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a reflex that expels intestinal gas through the anus
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The act of one who farts; a sound like a fart.
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a reflex that expels intestinal gas through the anus
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(Music) a musical instrument that produces sound when air flows through it; reed instruments and brass instruments.
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A helpful hint:
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Lead is defined as a heavy, soft, flexible metal.
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The definition of a steer is a castrated male ox that is raised to be slaughtered for beef.
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an indication of potential opportunity
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The definition of a hint is a suggestion or small amount of something, or revealing just a bit of information.
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Exaggerated or foolish talk, usually intended to deceive:
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Alternative form of malarkey.
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empty rhetoric or insincere or exaggerated talk
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Nonsense.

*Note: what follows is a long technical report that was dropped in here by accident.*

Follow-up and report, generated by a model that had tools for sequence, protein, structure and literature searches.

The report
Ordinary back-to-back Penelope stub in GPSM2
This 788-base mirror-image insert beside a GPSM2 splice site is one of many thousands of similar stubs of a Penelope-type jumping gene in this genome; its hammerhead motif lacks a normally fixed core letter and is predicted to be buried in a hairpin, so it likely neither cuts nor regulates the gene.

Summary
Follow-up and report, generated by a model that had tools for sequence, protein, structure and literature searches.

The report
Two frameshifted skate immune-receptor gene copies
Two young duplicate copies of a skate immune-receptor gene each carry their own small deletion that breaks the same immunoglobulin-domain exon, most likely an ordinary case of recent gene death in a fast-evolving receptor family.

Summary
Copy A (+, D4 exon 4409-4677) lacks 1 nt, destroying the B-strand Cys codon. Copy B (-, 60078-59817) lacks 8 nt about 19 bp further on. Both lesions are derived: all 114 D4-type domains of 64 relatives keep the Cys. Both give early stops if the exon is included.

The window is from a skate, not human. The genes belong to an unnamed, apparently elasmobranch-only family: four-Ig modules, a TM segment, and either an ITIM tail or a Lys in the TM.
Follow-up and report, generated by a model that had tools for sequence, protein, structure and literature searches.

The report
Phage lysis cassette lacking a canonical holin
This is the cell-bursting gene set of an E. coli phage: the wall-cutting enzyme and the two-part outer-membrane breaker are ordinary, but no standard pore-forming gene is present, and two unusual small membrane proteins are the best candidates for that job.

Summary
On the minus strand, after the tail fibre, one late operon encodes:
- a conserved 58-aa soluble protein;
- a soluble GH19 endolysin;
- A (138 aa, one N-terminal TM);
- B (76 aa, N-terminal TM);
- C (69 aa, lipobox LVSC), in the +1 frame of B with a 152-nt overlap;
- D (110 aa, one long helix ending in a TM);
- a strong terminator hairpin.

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Lack of value, worth, meaning, etc.; uselessness, emptiness, insignificance, etc.
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air moving (sometimes with considerable force) from an area of high pressure to an area of low pressure
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To raise; to lift; to elevate; especially, to raise or lift to a desired elevation, by means of tackle or pulley, as a sail, a flag, a heavy package or weight.
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Any of several bands of high-velocity winds moving from west to east around the earth at altitudes from c. 12 to 16 km (c. 8 to 10 mi)
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To turn from the path of rectitude; to pervert; to misapply; to twist.
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Synonym Study

  • Zephyr is a poetic term for a soft, gentle breeze
  • Gust and blast apply to sudden, brief winds, gust suggesting a light puff, and blast a driving rush, of air
  • Gale is popularly applied to a strong, somewhat violent wind and, meteorologically, to a wind having a velocity of from 32 to 63 miles an hour
  • Breeze is popularly applied to a light, fresh wind and, meteorologically, to a wind having a velocity of from 4 to 31 miles an hour
  • Wind is the general term for any natural movement of air, whether of high or low velocity or great or little force
Find another word for wind. In this page you can discover 144 synonyms, antonyms, idiomatic expressions, and related words for wind, like: gust, spanking breeze, northeaster, zephyr, boreas, roll, twine, weave, draft, mistral and breeze.